Democratic Senators Reach Agreement On Climate and Tax Bill

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On Wednesday evening, Senators Joe Manchin and Majority Leader Chuck Schumer announced that they had reached an agreement on a bill imposing a 15% minimum tax on certain large corporations, providing clean energy tax subsidies, incentives for consumers to conserve energy and appropriating significant sums for enhancement of the Internal Revenue Service enforcement efforts. The Inflation Reduction Act of 2022 would raise an estimated $739 billion and provides for $433 billion in estimated spending, resulting in a projected decrease in the federal deficit of approximately $300 billion. The bill, while much smaller than the $3 trillion initially sought by the Biden administration, would bring significant change to large sectors of the economy while impacting millions of Americans.

Inflation Reduction Act: Revenue Raisers

While the Inflation Reduction Act of 2022 leaves the majority of the Trump-era corporate and individual income tax cuts intact, it would also be the largest increase on corporate taxes in decades.

Under the proposal, corporations having “Book Income” in excess of $1 billion would be subject to a 15% alternative minimum tax (AMT). “Book Income” is defined generally as the net income reported on such companies’ financial statements. Many large corporations often report significantly higher income on their financial statements than they report on their federal income tax returns as a result of tax deductions and exclusions that are not taken into account for financial statement purposes. As a minimum tax, it would be due only if it exceeds the corporation’s regular tax. This provision is expected to raise $313 billion.

Another large revenue raiser is a projected $124 billion from a major enforcement investment at the Internal Revenue Service. The bill provides the largest increase in the budget of the IRS in history. This amount is more than paid for, according to Democrats, by closing the “tax gap” – the difference between what people and businesses owe in taxes and what they actually pay. The “tax gap” is estimated to be in the range of almost $400 billion.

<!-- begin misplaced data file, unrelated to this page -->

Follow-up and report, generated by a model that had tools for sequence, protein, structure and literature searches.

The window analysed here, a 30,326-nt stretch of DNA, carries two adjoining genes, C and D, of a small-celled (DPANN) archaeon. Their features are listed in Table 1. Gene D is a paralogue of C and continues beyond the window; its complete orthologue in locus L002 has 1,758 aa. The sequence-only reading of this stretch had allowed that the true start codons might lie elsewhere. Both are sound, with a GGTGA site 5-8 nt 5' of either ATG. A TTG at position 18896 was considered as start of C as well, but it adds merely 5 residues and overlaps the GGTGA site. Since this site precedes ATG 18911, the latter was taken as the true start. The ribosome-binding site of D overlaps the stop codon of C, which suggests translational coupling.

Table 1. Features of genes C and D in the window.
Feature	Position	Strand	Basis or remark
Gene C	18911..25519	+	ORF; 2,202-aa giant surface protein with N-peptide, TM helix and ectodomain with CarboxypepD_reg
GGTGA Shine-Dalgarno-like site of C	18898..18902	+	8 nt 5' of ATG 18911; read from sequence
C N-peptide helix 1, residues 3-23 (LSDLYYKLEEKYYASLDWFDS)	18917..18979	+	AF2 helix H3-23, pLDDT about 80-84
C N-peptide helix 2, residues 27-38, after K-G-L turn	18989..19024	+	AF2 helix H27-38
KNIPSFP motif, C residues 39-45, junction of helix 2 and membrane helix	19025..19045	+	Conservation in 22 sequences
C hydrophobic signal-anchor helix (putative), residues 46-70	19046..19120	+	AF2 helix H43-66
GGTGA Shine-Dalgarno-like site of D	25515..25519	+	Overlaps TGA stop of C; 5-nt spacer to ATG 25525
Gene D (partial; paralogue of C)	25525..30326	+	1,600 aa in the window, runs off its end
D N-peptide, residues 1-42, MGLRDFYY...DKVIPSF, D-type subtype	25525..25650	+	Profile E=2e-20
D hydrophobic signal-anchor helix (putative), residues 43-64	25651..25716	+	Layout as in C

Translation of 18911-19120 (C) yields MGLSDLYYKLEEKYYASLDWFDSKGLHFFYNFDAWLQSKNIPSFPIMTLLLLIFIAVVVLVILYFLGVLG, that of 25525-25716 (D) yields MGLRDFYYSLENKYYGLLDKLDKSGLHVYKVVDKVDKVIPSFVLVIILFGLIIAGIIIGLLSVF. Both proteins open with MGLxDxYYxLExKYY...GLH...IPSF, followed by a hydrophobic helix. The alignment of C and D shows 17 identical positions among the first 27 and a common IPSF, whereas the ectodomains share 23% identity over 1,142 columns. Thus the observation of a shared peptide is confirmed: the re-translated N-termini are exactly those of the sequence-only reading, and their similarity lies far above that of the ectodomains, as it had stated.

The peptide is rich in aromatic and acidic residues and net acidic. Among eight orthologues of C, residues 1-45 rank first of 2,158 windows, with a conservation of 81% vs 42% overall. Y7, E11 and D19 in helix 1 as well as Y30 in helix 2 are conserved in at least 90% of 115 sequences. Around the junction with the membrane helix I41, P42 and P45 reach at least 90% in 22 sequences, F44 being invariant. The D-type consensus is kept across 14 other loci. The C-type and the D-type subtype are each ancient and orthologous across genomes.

In addition, the Inflation Reduction Act attempts to close the “carried interest” tax loophole. Under current law, private equity managers are compensated two ways: a straight percentage management fee and a share of any gain realized on exit from the investment. This second element is what is known as the “carried interest” and is currently taxed at the very favorable, long term capital gains rate. This provision would tax these amounts as short-term capital gains, taxed as ordinary income. This change is estimated to generate $14 billion.

Further, according to the Congressional Budget Office, the bill would raise an estimated $288 billion through reform of prescription drug pricing. This provision allows Medicare to negotiate drug prices with pharmaceutical companies and caps out-of-pocket costs for those on Medicare at $2,000 per year.

Inflation Reduction Act: Expenditures

On the expenditure side, the Inflation Reduction Act provides “over $60 billion for clean energy manufacturing and incentives for wind, solar and battery production.” It also includes another $60 billion to invest in low-income communities to reduce pollution from factories and ports as well as $30 billion in grants and loans to states and utility companies to transition to cleaner forms of electricity. There is also more than $420 billion to support carbon reducing agricultural practices. According to Schumer and Manchin, the bill would result in a 40% reduction of carbon emissions by 2030 and spur American energy independence.

For the consumer, the bill provides a $7,500 tax credit on the purchase of new electronic vehicles and a $4,000 credit for used EV’s by low- or moderate-income taxpayers. In addition, homeowners could receive up to $10 billion in grants and rebates in return for home improvements that increase energy efficiency. There would also be 10 years of tax credits to offset the cost of installing rooftop solar panels.

DISCLAIMER: Because of the generality of this update, the information provided herein may not be applicable in all situations and should not be acted upon without specific legal advice based on particular situations.

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